“Get Out” emerged as the big winner of the 2018 Independent Spirit Awards, held Saturday on the beach in Santa Monica, Ca.

Jordan Peele’s racially charged thriller — which captivated the country and became an unlikely indie blockbuster — took Best Feature at the annual show put up by Film Independent. Peele also took Best Director.

Top acting prizes went to Frances McDormand for “Three Billboards Outside Ebbing, Missouri” and Timothee Chalamet for “Call Me by Your Name.” Best Supporting Male went to Sam Rockwell for “Three Billboards,” and Best Supporting Female went to Allison Janney of “I, Tonya.” That makes it a virtual clean sweep for the latter two actors on the eve of the Academy Awards.

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Greta Gerwig won Best Screenplay for her coming-of-age darling “Lady Bird,” while Emily V. Gordon and Kumail Nanjiani took Best First Screenplay for their autobiographical comedy “The Big Sick.”

Notable below-the-line prizes went to Tatiana S. Riegel, who took Best Editing for
“I, Tonya.”  Sayombhu Mukdeeprom, director of photography on “Call Me by Your Name,” won Best Cinematography.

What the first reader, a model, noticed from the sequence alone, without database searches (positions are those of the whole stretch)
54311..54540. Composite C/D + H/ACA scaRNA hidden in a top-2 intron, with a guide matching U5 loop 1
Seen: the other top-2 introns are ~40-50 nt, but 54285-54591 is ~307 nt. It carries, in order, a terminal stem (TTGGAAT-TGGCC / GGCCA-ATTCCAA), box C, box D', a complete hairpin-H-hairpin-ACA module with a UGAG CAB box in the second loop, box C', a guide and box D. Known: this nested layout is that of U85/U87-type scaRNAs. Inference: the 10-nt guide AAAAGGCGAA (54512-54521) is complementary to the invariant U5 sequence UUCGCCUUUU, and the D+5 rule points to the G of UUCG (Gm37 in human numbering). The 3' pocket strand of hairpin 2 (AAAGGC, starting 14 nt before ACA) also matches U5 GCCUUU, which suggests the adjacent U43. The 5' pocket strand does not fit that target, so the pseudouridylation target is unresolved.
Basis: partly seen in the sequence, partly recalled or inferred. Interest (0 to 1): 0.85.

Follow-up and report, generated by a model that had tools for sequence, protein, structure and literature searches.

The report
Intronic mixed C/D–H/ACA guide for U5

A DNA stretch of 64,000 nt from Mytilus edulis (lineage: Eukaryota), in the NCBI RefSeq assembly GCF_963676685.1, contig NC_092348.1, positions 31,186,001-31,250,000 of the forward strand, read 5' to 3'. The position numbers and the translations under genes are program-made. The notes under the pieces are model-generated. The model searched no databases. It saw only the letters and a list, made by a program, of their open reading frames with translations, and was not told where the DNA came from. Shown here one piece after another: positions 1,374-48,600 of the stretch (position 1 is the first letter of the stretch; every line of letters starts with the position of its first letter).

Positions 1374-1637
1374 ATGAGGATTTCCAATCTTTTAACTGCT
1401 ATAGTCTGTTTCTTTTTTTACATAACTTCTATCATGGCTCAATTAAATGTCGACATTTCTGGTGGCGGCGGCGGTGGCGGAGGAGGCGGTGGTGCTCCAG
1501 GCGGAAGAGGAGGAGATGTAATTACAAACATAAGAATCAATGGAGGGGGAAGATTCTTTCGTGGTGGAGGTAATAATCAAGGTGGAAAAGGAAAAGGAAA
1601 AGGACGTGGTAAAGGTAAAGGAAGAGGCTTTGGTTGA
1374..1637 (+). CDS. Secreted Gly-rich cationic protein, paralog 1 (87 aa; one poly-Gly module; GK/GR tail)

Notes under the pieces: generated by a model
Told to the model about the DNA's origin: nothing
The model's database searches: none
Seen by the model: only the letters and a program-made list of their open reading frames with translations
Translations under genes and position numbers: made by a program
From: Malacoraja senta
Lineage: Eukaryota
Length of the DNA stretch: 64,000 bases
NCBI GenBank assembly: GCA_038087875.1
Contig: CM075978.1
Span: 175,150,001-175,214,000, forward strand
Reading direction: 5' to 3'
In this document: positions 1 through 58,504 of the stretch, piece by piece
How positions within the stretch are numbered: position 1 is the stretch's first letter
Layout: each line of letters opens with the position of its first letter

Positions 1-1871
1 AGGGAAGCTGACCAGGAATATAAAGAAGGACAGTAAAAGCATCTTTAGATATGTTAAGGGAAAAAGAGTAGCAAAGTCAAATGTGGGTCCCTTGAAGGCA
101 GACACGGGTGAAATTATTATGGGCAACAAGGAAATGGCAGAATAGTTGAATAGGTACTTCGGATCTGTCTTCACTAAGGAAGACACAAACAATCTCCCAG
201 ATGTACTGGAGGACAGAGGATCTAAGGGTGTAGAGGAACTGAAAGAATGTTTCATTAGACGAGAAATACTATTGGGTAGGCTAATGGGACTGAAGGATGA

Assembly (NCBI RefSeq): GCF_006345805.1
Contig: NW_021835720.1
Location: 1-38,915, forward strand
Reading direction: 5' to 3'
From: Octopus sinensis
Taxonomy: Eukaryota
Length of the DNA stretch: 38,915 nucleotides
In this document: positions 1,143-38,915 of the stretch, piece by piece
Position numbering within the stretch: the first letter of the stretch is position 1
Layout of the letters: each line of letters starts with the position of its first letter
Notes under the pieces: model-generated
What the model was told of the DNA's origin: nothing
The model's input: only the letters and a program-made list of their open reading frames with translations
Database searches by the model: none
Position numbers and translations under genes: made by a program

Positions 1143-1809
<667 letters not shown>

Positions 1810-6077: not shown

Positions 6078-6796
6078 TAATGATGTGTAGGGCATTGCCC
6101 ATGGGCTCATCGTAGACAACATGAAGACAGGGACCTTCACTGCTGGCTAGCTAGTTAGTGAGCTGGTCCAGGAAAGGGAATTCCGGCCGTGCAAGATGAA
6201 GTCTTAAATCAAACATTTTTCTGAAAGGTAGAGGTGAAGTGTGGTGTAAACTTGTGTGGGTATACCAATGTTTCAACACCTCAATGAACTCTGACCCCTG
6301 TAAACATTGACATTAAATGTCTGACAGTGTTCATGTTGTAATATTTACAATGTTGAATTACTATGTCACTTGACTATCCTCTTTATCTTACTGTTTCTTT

Comedians Nick Kroll and John Mulaney (“Big Mouth,” “Oh, Hello”) returned to host the ceremony, an annual splashy gathering of Hollywood stars and indie film luminaries willing to brave the natural lighting of  a rare daytime awards show.

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The complete winners list:

BEST FEATURE
“Call Me by Your Name”
“The Florida Project”
“Get Out” *WINNER
“Lady Bird”
“The Rider”

BEST FIRST FEATURE
“Columbus”
“Ingrid Goes West,” Director Matt Spicer *WINNER 
“Menashe”
“Oh Lucy!”
“Patti Cake$”

JOHN CASSAVETES AWARD – Given to the best feature made for under $500,000. (Award given to the writer, director and producer. Executive Producers are not awarded.)
“Dayveon”
“A Ghost Story”
“Life and nothing more” *WINNER
“Most Beautiful Island”
“The Transfiguration”

BEST DIRECTOR
Sean Baker, “The Florida Project”
Jonas Carpignano, “A Ciambra”
Luca Guadagnino, “Call Me by Your Name”
Jordan Peele, “Get Out” *WINNER
Benny Safdie, Josh Safdie, “Good Time”
Chloé Zhao, “The Rider”

BEST SCREENPLAY
Greta Gerwig, “Lady Bird” *WINNER
Azazel Jacobs, “The Lovers”
Martin McDonagh, “Three Billboards Outside Ebbing, Missouri”
Jordan Peele, “Get Out”
Mike White, “Beatriz at Dinner”

BEST FIRST SCREENPLAY
Kris Avedisian, Kyle Espeleta, Jesse Wakeman, “Donald Cried”
Emily V. Gordon, Kumail Nanjiani, “The Big Sick” *WINNER
Ingrid Jungermann, “Women Who Kill”
Kogonada, “Columbus”
David Branson Smith, Matt Spicer, “Ingrid Goes West”

BEST CINEMATOGRAPHY
Thimios Bakatakis, “The Killing of a Sacred Deer”
Elisha Christian, “Columbus”
Hélène Louvart, “Beach Rats”
Sayombhu Mukdeeprom, “Call Me by Your Name” *WINNER
Joshua James Richards, “The Rider”

BEST EDITING
Ronald Bronstein, Benny Safdie, “Good Time”